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Abstract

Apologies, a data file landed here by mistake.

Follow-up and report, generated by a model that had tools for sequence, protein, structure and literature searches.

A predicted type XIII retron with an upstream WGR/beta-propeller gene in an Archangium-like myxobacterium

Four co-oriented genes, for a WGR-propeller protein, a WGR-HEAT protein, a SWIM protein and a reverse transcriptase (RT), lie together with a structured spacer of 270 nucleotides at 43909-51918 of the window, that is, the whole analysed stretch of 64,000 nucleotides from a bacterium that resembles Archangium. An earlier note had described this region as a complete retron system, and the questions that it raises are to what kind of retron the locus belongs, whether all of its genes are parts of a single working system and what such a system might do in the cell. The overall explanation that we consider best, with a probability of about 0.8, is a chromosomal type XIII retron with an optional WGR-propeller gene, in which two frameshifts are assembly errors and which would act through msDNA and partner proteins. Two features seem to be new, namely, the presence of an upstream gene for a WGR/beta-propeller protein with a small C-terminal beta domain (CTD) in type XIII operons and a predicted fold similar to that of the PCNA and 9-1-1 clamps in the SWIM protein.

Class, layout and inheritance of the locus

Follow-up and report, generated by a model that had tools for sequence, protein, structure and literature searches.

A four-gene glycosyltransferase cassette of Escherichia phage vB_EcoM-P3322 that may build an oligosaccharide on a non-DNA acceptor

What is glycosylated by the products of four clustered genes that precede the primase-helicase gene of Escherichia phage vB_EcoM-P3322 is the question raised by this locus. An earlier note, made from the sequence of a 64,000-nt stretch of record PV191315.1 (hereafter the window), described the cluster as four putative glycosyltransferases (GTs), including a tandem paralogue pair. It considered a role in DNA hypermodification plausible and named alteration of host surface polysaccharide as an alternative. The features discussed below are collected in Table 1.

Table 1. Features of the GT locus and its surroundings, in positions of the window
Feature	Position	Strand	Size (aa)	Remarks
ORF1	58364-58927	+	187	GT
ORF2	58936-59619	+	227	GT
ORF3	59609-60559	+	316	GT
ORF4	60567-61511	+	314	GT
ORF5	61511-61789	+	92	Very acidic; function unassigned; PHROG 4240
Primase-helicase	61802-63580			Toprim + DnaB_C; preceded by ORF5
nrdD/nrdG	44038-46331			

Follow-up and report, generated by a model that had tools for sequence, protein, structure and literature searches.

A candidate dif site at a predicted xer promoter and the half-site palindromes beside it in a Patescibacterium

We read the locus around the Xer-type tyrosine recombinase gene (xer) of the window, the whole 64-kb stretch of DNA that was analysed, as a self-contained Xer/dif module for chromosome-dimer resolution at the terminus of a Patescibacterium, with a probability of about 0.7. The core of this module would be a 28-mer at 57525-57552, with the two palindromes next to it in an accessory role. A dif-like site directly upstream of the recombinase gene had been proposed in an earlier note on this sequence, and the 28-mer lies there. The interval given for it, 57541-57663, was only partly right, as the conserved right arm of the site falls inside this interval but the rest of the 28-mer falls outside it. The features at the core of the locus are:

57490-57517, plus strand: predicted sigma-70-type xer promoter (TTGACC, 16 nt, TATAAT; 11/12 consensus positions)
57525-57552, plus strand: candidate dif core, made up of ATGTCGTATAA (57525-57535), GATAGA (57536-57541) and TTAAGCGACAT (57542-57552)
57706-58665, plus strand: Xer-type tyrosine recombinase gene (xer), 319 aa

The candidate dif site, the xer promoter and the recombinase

Although consumer profiling advocates tout benefits from personalization, consumer advocacy groups oppose profiling in online markets because of concerns about privacy and price discrimination. Policies such as opt-out or opt-in that provide consumers the option to voluntarily participate in profiling are the favored compromise. We compare voluntary profiling to no profiling and show that voluntary profiling leads to some counterintuitive results. Consumers that do not participate in profiling and some that participate are worse off under voluntary profiling. Neither social welfare nor aggregate consumer surplus is necessarily higher under voluntary profiling; even when voluntary profiling leads to an increase in social welfare, it may come at the expense of consumer surplus. If the seller cannot price discriminate and charge only a uniform price for everyone or the seller can only charge different prices based on the consumer’s participation status, then aggregate consumer surplus under voluntary profiling is higher and a reduction in privacy cost has a positive impact on all consumers as well as the seller. However, when personalized pricing is possible, reducing privacy cost alone may reduce aggregate consumer surplus. The primary reason for these results is that voluntary profiling allows the seller to identify high valuation consumers that have no incentive to participate and set a higher price for them (compared to no profiling) while simultaneously benefitting from the profile information of low valuation consumers that participate. However, a positive privacy cost mitigates the participation incentives of even low valuation consumers and hence sellers’ ability to engage in price discrimination.

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